Ecuador’s highest court approves same-sex marriage
Ecuador’s highest court on Wednesday approved same-sex marriage in a landmark ruling in the traditionally Catholic and conservative South American country.
LGBT and human rights activists erupted in celebration in Quito and the port city of Guayaquil, waving the rainbow flags that symbolize the gay rights movement.
The Constitutional Court said same-sex marriage had been approved in a 5-4 vote of its nine judges in a closed door hearing.
Ecuador, where the church is very influential, thus joins Argentina, Brazil and Colombia in recognizing same-sex marriage.
“It means that Ecuador is more egalitarian,” said lawyer Christian Paula of the Patka Foundation, which provides legal advice for around 10 same-sex couples seeking to marry in the country.
The four dissenting judges argued that in order to recognize same-sex marriage, constitutional reform would have to be debated in the National Assembly. Gustavo Medina, a former Supreme Court president, told AFP that Ecuadoran authorities were obliged to abide by decisions of the Constitutional Court, which were “binding and mandatory.”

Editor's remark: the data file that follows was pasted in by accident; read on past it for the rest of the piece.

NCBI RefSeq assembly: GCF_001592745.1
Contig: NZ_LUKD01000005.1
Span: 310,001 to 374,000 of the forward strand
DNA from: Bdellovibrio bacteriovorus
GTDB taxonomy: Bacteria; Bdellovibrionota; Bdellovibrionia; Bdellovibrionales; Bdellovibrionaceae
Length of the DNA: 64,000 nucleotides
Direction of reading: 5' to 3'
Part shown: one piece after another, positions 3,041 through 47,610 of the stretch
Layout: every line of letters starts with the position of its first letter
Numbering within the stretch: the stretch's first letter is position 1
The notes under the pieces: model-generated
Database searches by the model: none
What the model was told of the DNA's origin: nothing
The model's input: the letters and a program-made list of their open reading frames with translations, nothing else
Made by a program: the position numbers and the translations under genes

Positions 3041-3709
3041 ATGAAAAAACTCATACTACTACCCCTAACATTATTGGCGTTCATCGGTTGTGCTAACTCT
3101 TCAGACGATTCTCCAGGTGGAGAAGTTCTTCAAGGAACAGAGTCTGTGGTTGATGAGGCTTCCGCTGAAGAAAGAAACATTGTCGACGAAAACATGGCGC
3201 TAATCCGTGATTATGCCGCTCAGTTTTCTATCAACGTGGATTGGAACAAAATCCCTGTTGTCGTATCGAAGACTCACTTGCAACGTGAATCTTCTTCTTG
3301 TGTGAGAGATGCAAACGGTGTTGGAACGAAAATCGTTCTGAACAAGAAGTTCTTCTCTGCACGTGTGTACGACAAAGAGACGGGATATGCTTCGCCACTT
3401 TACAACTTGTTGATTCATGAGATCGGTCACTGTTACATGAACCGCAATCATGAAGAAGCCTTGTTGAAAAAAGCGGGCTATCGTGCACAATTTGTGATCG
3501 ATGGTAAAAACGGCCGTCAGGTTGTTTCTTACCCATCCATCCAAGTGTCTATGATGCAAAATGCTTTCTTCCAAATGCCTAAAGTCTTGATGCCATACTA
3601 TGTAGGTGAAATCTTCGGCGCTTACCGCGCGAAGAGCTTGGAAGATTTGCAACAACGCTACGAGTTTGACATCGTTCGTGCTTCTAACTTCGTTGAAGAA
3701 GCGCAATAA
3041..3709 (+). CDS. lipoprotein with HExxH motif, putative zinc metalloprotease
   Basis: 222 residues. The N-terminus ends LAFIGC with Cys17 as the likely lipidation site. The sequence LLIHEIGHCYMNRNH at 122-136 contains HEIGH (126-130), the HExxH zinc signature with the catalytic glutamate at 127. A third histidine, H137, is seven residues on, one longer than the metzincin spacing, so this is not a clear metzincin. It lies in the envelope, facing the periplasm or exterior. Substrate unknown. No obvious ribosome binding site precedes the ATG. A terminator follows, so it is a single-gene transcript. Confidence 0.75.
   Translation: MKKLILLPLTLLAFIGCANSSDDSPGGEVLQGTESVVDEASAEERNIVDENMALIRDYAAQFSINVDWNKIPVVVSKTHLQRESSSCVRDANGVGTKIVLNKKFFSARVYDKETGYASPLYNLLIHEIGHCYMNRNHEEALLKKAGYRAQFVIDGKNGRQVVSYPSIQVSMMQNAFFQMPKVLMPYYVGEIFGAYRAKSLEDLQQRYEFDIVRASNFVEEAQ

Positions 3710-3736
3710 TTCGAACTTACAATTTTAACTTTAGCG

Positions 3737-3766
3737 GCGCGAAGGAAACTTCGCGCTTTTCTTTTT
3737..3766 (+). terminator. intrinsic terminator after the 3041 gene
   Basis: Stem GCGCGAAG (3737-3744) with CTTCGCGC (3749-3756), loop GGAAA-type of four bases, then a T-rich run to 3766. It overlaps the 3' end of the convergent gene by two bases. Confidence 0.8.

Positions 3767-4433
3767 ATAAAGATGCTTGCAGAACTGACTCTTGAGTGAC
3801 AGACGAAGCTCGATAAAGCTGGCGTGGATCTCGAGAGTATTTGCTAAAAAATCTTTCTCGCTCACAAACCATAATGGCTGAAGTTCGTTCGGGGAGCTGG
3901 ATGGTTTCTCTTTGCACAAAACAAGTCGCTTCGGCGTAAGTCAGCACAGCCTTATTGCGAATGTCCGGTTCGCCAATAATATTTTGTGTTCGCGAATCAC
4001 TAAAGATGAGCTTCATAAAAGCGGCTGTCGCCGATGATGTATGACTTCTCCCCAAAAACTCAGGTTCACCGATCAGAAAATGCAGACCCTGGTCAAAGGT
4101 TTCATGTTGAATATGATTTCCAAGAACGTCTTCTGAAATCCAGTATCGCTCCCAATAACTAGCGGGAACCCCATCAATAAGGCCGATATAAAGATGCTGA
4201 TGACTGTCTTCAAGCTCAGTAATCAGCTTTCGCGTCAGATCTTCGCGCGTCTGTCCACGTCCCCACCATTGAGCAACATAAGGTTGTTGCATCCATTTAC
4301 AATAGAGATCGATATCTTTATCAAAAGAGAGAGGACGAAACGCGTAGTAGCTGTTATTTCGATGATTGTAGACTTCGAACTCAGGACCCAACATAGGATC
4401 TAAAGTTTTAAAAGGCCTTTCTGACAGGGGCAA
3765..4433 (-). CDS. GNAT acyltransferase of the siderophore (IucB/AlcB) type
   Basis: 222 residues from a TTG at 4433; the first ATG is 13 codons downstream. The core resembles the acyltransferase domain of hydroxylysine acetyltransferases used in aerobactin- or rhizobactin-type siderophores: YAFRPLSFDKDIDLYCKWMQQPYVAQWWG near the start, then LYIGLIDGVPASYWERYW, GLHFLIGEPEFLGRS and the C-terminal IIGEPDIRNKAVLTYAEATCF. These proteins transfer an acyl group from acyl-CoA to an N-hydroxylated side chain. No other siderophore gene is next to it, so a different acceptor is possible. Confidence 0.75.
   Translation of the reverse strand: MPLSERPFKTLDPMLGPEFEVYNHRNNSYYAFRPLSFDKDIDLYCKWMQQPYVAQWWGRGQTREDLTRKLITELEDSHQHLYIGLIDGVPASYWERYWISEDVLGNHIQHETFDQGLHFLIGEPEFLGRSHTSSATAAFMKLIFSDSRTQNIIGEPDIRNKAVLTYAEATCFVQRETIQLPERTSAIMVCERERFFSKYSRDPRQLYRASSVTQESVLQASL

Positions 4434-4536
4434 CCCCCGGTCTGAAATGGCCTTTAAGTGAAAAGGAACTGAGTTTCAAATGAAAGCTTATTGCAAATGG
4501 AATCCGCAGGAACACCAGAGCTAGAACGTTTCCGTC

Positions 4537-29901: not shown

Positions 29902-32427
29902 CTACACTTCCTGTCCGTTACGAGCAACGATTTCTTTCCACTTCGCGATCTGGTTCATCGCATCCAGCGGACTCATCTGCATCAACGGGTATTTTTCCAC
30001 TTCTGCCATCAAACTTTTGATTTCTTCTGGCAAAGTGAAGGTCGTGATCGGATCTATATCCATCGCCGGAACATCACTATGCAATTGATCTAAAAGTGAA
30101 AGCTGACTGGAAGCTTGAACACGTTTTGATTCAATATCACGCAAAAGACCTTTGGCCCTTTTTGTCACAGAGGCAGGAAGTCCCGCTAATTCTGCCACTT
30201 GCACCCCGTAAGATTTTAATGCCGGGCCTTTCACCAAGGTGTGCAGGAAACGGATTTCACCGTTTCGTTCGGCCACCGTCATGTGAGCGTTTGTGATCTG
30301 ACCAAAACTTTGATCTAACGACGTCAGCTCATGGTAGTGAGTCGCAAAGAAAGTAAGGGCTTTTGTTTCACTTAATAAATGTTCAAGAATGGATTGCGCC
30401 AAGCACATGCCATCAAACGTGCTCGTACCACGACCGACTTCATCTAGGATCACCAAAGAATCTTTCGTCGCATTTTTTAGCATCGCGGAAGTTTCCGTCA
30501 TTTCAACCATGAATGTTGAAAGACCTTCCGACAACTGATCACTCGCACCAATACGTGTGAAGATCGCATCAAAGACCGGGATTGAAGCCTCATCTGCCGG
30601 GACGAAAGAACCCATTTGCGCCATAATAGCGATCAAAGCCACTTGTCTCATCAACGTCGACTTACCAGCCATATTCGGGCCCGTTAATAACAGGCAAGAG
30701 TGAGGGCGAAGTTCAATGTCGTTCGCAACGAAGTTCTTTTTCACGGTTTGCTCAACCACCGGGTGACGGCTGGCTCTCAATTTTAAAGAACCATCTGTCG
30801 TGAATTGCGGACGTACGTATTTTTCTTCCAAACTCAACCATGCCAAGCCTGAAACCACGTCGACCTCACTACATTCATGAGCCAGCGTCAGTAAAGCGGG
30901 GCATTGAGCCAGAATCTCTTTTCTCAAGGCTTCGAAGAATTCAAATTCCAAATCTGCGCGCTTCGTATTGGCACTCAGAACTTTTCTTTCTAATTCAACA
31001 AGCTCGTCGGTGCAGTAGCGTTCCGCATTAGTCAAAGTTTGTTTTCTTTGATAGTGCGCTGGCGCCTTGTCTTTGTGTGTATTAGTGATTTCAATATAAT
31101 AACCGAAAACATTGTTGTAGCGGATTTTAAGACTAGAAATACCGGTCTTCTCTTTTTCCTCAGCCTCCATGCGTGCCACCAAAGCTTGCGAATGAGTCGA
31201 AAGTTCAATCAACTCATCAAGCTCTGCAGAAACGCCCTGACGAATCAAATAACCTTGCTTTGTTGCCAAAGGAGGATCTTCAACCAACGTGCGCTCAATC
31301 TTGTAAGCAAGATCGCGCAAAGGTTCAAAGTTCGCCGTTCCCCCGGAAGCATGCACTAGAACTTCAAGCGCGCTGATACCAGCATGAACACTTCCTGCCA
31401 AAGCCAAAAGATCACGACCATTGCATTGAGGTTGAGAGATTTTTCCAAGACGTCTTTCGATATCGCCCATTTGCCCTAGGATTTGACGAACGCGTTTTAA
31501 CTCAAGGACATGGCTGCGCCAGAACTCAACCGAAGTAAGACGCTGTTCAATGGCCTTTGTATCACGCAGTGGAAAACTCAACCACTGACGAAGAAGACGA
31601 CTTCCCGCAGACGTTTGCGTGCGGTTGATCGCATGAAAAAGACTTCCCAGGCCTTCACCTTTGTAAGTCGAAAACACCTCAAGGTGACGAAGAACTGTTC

Ecuador has recognized de facto civil unions for same-sex couples since 2015.
The Constitutional Court approved same-sex marriage as it ruled on lawsuits by two pairs of men who wanted to wed.
The men in one of those couples are named Efrain Soria and Javier Benalcazar. “I want to say hello to Javier, who is in Guayaquil. Honey, I love you,” Soria told reporters in Quito.
He urged other gays to stop hiding and “enjoy the happiness that comes from being equal, like anyone else.”
Ecuador’s current constitution defines marriage as the union between a man and a woman. The charter, ratified in 2008, also bars same-sex couples from adopting children.
But the judges that approved same-sex marriage said they based their decision on the idea that all people are equal. They also said they sought to counter any kind of discrimination. [email protected] globaltimes.com.cn